Charlotte DWI Lawyer Brad Smith answers the question: “Can I represent myself on a traffic ticket?”
The police take traffic stops and other encounters very seriously. If law enforcement attempts to pull you over, you are required by law to pull over and stop. If you fail to stop for a police officer, you could be charged with speeding to elude arrest. Speeding to elude arrest is also commonly called fleeing. A person may try to elude arrest for a variety of reasons, such as having an outstanding warrant or trying to escape from another crime. The charge of speeding to elude arrest is a serious one that can result in severe consequences if you are found guilty.
Run and You’re Done Law
North Carolina enacted the “Run and You’re Done Law” more than a decade ago. The law is another name for speeding to elude arrest. Speeding to elude charges occur when a driver attempts to flee from a police officer who is performing his duties. The crime may be either a misdemeanor or felony.
In order to be charged with felony speeding to elude there must be at least two of the following factors present in the incident:
- Driving more than 15mph over the speed limit
- Having gross impairment, defined as intoxication from drug or alcohol use; BAC 0.14% or higher.
- Reckless driving
- Passing a stopped school bus
- Driving over the posted limit in a school or construction zone
- Accident that caused an injury or property damage of $1,000 or more
- Driving on a revoked license
- Driving with a child under the age of 12
Potential Sentences for Speeding to Elude
The crime of speeding to elude can result in severe penalties. A misdemeanor sentence has less serious consequences than a felony conviction. A misdemeanor conviction will generally result in a jail sentence of up to 120 days, suspension of your driver’s license for up to a year, and fines determined by the judge. A Class H felony conviction could result in up to 39 months in prison and suspension of your driver’s license for two years, along with fines.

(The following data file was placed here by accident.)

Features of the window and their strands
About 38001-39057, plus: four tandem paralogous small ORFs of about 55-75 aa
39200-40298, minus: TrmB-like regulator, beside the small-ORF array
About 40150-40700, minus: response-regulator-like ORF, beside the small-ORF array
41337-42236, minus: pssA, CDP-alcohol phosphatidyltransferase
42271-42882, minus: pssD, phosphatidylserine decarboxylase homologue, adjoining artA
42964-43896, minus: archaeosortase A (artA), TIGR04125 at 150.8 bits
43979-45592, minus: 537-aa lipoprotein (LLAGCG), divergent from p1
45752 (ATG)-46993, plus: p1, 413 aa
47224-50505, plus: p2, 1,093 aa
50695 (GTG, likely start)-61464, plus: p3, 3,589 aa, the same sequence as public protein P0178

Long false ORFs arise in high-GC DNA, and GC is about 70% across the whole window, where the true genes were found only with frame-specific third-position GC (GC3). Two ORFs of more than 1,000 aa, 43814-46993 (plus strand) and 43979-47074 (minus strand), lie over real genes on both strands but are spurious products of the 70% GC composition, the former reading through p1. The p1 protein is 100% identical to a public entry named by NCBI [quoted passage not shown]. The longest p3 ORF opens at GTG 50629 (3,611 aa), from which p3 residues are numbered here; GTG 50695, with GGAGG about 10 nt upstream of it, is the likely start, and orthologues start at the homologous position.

In addition, a felony speeding to elude charge allows for the seizure of your vehicle. North Carolina General Statute 20-28.2 states that your vehicle can be seized for speeding to elude.
Defending Against Speeding to Elude Charges
Regardless of whether charged as a misdemeanor or felony, you will want to present a strong defense in court. Lack of knowledge of a traffic stop is a defense. You cannot be convicted of a crime of eluding if you did not know that the police were trying to stop you. Also, law enforcement must have been acting in their official capacity. In some instances there are mitigating factors that could reduce the crime to make it less serious. An experienced criminal defense attorney will defend the charges and help you get the best possible outcome.
If you were charged with speeding to elude or other charges, we are here to help. Get a phone, video or in-person consultation by calling at (704) 370-2828 to speak with our detail-oriented and well-versed lawyers with offices in Charlotte, Lake Norman, and Monroe, please contact Arnold & Smith, PLLC today or find additional resources here.
The criminal defense attorneys at Arnold & Smith, PLLC make it their mission to zealously defend their clients on a wide range of criminal matters at both the state and federal levels. These matters may include any charge from traffic offenses; DWI/DUI; drug charges (from simple possession to possession with intent to distribute and trafficking); gun permit denials; weapons offenses; and property crimes (larceny, breaking and entering, robbery, fraud, embezzlement, white collar offenses); to sexually related offenses (indecent exposure; sexual assault, crimes against nature, removal from sex offender registry); and violent crimes (domestic violence; assault; manslaughter; homicide, murder). Other legal issues that Arnold & Smith, PLLC criminal clients may be facing include restraining orders, restraining order and probation violations, expungements; appeals; and immigration issues related to criminal charges. Our criminal defense attorneys are passionate about ensuring that individuals empower themselves by being informed about their constitutional rights, and stand at the ready to fight in the defense of those facing criminal charges.
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